China's one child policy
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China's one child policy






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China's one child policy Document Transcript

  • 1. Chinas One-Child PolicyOne of the main problems facing China in recent years is overpopulation. TheChinese governmentneeded to make policies to combat the quickly growing numbers of Chinesecitizens. In 1979 theFamily Planning Commission of China implemented the One-Child Policy as asolution. The One-Child Policy states that parents in urban settings are limited to having only onechild. Parents in ruralareas are allowed two children provided the first is a girl. Boys are highlyvalued in Chinese culture,and this value especially applies to more rural areas.The government enforces this regulation by penalizing families that have morechildren. Parentswith over quota children are fined for each additional birth. Their taxes areraised and they no longerreceive free health care. Parents who comply with the One-Child Policy receivemoney from thegovernment in addition to their free healthcare.Adults in Chinese society worried that having so many only children wouldcause a new generation ofspoiled and selfish children. Chinese parents as well as the Chinese governmentfeared the 4-2-1syndrome. The 4-2-1 syndrome is the idea of having four Grandparents, andtwo parents all focusingtheir attention on one child. However, Chinese culture stresses the values ofself-discipline, control,conformity, and working towards the common cause. These values do notsupport or condone cateringto children and parents were actually not likely to spoil their children. Thegovernment also set upnumerous early education programs to help avoid the spoiled child syndrome.Children attend nurseryschool and day-care programs from a very early age. These programs enforceworking together and donot individually spoil the children.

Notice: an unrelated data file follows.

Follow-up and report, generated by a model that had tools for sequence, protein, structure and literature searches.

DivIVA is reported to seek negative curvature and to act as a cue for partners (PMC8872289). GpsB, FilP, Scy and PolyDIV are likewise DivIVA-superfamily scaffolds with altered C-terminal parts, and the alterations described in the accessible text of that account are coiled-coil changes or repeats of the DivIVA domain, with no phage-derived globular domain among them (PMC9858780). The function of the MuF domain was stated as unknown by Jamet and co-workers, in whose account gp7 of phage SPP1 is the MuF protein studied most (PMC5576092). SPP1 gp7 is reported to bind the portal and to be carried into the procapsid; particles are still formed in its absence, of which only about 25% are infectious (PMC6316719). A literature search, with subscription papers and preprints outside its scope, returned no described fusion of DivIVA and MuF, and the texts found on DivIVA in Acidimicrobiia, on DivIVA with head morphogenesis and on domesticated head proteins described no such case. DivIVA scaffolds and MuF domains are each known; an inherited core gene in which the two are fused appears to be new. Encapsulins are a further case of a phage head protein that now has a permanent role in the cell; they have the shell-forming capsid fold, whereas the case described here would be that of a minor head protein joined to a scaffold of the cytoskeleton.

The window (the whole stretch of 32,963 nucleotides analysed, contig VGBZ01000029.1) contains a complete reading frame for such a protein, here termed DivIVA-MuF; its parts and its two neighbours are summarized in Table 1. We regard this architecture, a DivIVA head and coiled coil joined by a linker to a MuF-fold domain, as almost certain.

• 2. The One-Child Policy dramatically reduced the number of births in China.Chinese families weretraditionally large. The current rate of births is down to 1.8 children perwoman. However, there arestill many over-quota births especially in rural areas. Families that cannotafford the fines sometimesfeel social and financial pressure to abandon the child. Abandonment is apunishable crime,but most are overlooked and go unpunished. Many Chinese children end upin orphanages or areadopted either within China or by families overseas.